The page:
Researchers from University of Massachusetts Medical School have developed a new technique to simultaneously track up to seven genomic locations in live cells. The CRISPRainbow system is based on the genomic editing tool CRISPR/Cas9. The study was published in the journal Nature Biotechnology.
The three-dimensional structure of the genome has important consequences in gene expression. Genes can only be transcribed if they are accessible to the cellular machinery. Consequently, chromatin dynamics are paramount to understand phenomena like cell differentiation, embryo development and even cancer. Current techniques, however, allow to track only three genomic loci simultaneously in living cells. Treating the cells with formaldehyde allows to tag more genomic elements, but these fixed, dead cells offer static information: the spatio-temporal changes of the elements of interest are lost.
A guide RNA bound to a deactivated Cas9 and a fluorescent protein
The researchers from UMassMed conceived a creative solution based on the CRISPR technology. In the orthodox CRISPR/Cas9 tool, a single guide RNA (sgRNA) is engineered to target selected sequences. The endonuclease Cas9 binds the sgRNA and is transported to the selected genomic site, where it binds and cuts the DNA. In this study, however, Hanhui Ma’s team tweaked the genome editing tool in several ways. First, they deactivated the endonuclease activity of Cas9. Second, they engineered the sgRNA to make it capable of binding sets of fluorescent proteins. With these modifications, the sgRNA targets Cas9 to the desired site, but the nuclease-dead protein just binds to the DNA; additionally, the sgRNA carries a red, green or blue fluorescent protein, which can be tracked under a microscope in real time. Different combinations of these fluorescent proteins allow to combine their emitted primary colors, creating cyan, magenta and yellow labels. Combining the three primary fluorescent proteins, a white label is obtained.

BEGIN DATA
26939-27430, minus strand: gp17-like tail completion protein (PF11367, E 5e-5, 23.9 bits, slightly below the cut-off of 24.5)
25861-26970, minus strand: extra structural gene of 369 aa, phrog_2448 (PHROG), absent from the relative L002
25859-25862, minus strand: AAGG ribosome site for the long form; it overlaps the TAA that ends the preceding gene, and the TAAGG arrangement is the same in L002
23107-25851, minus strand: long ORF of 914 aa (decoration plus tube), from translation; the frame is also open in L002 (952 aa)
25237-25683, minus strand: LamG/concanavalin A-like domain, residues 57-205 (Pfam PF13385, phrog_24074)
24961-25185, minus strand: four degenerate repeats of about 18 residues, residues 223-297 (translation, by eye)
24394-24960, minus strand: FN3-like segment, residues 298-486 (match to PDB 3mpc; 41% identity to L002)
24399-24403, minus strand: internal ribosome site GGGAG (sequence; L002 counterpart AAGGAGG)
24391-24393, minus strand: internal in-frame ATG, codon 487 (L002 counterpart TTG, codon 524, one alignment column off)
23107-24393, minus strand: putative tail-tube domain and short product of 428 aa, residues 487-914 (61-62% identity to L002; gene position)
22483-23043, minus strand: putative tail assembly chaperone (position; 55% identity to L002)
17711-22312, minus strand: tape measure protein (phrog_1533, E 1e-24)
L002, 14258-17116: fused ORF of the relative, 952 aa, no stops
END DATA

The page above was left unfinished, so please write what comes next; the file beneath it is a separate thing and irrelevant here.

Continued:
CRISPRainbow allows to simultaneously tag seven genomic locations, track their movements and see how structural changes affect their expression. By observing cells with healthy and sick phenotypes, differences in spatio-temporal distribution of loci and their patterns of expression could be observed, allowing to understand a disease and find solutions. Chromosome dynamics in response to external stimuli can also be observed now in greater detail.